Change in inflammation in out-patient COPD patients from stable phase to a subsequent exacerbation

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    BACKGROUND: Inflammation increases during exacerbations of COPD, but only a few studies systematically assessed these changes. Better identification of these changes will increase our knowledge and potentially guide therapy, for instance by helping with quicker distinction of bacterially induced exacerbations from other causes. AIM: To identify which inflammatory parameters increase during COPD exacerbations compared to stable disease, and to compare bacterial and non-bacterial exacerbations. METHODS: In 45 COPD patients (37 male/8 female, 21 current smokers, mean age 65, FEV(1) 52% predicted, pack years 38) sputum was collected during a stable phase and subsequently during an exacerbation. RESULTS: Sputum total cell counts (9.0 versus 7.9 x 10(6)/mL), eosinophils (0.3 versus 0.2 x 10(6)/mL), neutrophils (6.1 versus 5.8 x 10(6)/mL), and lymphocytes (0.07 versus 0.02 x 10(6)/mL) increased significantly during an exacerbation compared to stable disease. A bacterial infection was demonstrated by culture in 8 sputum samples obtained during an exacerbation. These exacerbations had significantly increased sputum total cell and neutrophil counts, leukotriene-B4, myeloperoxidase, interleukin-8 and interleukin-6, and tumor necrosis factor-alpha (TNF-alpha) levels, and were also associated with more systemic inflammation compared to exacerbations without a bacterial infection. Sputum TNF-alpha level during an exacerbation had the best test characteristics to predict a bacterial infection. CONCLUSION: Sputum eosinophil, neutrophil, and lymphocyte counts increase during COPD exacerbations. The increase in systemic inflammation during exacerbations seems to be limited to exacerbations caused by bacterial infections of the lower airways. Sputum TNF-alpha is a candidate marker for predicting airway bacterial infection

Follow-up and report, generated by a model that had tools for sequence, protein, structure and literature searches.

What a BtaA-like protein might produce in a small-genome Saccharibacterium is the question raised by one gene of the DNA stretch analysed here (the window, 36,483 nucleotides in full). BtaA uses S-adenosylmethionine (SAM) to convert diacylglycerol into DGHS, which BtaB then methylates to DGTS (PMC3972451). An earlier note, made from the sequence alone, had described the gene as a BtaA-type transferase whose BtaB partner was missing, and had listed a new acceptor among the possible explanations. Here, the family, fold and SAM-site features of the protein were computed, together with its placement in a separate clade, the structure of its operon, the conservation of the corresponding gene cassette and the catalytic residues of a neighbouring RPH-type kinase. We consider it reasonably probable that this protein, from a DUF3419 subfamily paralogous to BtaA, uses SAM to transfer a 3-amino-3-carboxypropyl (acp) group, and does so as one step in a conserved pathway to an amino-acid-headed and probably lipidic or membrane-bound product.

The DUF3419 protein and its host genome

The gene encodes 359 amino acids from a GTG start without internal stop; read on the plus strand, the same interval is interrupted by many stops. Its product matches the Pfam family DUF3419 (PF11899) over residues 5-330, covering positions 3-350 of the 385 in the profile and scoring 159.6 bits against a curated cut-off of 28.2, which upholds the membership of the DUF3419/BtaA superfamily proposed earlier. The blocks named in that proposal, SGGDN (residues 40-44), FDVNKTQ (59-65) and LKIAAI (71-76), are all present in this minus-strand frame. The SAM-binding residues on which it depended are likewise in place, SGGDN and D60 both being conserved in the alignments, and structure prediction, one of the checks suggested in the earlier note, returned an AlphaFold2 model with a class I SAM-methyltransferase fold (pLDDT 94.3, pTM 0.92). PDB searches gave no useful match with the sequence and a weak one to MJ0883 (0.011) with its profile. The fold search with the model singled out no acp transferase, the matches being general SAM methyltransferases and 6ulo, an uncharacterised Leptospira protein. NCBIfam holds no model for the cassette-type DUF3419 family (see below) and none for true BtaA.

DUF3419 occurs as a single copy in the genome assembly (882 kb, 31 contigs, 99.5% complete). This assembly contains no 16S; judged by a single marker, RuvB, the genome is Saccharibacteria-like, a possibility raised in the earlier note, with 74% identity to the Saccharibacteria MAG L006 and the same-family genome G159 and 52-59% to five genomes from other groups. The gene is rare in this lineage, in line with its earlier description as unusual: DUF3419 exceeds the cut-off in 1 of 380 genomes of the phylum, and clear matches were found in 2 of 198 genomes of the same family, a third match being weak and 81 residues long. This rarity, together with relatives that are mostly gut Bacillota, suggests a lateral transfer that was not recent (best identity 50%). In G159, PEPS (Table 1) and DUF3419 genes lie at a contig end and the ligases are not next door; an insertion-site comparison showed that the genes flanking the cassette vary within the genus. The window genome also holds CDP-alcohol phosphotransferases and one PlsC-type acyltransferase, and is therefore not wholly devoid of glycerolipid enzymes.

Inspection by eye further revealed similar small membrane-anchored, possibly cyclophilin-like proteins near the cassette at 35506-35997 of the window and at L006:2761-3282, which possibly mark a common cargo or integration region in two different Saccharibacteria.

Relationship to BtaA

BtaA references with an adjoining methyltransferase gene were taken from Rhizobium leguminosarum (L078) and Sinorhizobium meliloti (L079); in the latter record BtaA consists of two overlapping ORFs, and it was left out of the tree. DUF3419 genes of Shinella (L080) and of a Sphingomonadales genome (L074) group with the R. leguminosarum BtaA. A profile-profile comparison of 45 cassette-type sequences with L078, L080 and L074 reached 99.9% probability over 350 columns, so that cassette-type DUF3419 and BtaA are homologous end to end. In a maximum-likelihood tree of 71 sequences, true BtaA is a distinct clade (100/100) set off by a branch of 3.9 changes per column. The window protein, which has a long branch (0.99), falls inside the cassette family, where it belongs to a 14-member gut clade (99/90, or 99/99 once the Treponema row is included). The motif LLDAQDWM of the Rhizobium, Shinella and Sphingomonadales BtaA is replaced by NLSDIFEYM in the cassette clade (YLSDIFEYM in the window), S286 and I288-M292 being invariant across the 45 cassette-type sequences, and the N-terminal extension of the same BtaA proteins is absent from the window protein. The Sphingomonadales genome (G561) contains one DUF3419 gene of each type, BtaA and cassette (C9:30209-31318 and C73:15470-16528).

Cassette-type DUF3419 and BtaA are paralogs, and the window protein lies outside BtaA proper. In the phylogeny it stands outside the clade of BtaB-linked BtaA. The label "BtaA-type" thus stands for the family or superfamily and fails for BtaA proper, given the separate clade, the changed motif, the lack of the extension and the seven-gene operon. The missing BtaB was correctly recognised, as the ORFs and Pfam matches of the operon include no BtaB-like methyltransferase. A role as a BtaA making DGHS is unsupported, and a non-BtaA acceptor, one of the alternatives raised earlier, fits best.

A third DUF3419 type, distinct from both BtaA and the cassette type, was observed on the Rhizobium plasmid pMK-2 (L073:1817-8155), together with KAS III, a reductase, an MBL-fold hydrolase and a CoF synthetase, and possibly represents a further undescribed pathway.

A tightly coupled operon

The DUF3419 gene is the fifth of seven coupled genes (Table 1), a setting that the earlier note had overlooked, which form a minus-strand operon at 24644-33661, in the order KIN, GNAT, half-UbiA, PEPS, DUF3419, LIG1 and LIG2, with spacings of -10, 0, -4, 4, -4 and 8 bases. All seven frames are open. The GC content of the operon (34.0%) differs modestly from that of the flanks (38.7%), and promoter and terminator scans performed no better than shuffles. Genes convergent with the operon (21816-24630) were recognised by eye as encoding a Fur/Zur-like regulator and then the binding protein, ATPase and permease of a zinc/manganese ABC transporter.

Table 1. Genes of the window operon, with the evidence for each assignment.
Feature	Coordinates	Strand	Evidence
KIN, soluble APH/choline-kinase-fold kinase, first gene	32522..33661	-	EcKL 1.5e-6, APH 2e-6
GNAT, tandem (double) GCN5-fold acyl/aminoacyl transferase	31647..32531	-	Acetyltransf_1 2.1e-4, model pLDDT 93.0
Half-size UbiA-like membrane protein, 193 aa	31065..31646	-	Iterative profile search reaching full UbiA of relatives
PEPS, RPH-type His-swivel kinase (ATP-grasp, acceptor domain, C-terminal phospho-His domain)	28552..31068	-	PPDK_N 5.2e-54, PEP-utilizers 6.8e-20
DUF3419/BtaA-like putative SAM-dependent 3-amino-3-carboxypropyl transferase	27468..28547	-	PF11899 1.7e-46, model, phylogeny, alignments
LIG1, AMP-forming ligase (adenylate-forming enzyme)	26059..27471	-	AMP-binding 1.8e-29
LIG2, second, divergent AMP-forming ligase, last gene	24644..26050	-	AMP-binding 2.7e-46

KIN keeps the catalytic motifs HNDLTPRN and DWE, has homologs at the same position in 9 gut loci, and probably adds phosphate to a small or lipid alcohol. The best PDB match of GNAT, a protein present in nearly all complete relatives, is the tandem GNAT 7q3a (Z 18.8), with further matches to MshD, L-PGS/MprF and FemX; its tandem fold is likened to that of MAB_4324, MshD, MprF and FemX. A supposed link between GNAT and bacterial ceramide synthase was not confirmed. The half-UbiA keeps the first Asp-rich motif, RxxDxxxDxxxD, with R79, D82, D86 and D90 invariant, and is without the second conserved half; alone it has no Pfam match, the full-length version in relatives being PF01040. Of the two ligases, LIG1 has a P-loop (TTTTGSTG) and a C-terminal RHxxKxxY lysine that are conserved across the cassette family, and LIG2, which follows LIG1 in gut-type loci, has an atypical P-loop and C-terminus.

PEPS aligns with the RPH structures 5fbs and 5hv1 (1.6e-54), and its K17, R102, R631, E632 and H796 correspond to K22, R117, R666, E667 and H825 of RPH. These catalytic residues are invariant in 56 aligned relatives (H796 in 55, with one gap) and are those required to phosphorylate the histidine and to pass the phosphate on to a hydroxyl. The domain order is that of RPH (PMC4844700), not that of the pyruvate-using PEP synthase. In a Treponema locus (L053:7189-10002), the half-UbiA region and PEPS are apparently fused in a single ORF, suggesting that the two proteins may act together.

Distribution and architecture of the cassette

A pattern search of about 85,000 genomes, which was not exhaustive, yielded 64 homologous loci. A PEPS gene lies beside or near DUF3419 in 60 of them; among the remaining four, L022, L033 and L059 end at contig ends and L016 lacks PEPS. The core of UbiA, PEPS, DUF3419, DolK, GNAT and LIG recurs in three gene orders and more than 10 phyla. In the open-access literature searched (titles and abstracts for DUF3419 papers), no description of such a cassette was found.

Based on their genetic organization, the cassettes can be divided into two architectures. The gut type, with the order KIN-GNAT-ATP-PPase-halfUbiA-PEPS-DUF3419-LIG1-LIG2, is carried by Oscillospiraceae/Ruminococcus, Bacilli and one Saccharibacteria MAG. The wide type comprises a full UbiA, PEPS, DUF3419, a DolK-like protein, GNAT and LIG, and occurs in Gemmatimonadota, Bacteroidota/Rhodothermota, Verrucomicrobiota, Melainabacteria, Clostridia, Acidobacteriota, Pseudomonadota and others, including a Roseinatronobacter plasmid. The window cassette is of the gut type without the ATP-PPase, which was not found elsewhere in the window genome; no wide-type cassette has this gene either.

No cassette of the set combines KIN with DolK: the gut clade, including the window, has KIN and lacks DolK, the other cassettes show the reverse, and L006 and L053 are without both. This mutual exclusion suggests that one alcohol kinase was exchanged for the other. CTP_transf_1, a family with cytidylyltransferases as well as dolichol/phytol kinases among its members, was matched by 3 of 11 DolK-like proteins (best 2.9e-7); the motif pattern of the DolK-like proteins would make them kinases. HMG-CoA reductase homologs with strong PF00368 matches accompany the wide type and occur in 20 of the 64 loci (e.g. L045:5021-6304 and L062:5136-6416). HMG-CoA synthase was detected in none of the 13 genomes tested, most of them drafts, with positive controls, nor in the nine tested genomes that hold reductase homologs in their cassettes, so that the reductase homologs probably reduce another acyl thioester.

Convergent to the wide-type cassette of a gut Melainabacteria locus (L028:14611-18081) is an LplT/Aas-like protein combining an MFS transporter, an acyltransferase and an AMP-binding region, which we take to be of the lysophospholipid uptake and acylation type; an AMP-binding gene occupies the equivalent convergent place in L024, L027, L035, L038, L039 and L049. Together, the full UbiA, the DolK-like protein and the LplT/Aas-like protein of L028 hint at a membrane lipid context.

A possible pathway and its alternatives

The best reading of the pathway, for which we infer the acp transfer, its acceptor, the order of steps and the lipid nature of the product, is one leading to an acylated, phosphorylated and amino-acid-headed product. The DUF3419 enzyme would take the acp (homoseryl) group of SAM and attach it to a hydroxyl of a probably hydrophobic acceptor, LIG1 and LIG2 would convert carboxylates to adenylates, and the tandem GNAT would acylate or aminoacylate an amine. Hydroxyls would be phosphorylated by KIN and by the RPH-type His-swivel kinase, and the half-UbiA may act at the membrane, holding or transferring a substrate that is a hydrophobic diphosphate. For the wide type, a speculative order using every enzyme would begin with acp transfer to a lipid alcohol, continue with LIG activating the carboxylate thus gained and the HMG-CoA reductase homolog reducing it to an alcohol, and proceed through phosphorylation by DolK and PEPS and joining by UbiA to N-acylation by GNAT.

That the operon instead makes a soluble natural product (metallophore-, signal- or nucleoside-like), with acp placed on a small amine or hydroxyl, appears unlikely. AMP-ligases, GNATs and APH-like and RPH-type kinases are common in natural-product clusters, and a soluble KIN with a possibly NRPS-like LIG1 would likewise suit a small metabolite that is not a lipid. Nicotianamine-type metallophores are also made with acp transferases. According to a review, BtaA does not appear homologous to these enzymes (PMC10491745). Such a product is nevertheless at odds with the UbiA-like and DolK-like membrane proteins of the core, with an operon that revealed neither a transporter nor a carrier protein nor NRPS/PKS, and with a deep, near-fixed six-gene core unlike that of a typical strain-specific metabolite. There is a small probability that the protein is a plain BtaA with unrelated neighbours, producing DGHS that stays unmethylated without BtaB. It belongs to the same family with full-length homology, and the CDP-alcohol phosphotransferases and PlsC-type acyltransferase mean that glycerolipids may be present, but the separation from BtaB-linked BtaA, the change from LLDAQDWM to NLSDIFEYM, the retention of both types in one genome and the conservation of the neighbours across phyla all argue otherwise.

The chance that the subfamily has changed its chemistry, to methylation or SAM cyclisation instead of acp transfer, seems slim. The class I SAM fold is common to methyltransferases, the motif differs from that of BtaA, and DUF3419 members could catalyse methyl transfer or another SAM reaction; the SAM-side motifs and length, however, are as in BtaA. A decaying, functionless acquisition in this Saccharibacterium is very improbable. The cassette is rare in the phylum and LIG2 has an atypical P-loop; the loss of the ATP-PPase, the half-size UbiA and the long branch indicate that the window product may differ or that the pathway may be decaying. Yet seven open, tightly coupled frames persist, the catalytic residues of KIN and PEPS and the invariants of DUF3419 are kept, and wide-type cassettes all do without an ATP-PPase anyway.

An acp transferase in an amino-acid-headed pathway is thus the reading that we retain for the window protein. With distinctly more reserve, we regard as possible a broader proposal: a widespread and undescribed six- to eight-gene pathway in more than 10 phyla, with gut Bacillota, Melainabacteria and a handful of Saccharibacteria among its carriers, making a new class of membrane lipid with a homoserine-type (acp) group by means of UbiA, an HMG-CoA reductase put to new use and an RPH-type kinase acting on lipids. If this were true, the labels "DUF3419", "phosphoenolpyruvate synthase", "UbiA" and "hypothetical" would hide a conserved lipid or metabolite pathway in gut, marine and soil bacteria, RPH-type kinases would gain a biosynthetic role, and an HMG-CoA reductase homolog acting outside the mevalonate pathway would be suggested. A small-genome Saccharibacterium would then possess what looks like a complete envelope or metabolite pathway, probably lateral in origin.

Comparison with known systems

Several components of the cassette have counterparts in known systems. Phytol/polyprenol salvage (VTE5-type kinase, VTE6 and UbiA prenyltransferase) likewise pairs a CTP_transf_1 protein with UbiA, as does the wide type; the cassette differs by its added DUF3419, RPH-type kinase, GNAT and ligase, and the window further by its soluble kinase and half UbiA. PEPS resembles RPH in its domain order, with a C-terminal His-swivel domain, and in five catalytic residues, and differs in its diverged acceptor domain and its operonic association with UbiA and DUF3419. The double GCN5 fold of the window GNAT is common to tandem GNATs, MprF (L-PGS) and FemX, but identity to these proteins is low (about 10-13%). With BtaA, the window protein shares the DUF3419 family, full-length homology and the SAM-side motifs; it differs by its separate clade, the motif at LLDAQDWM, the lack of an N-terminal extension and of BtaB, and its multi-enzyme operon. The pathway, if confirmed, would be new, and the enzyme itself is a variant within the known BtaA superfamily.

Health-related quality of Life in SCALOP, a randomized phase 2 trial comparing chemoradiation therapy regimens in locally advanced pancreatic cancer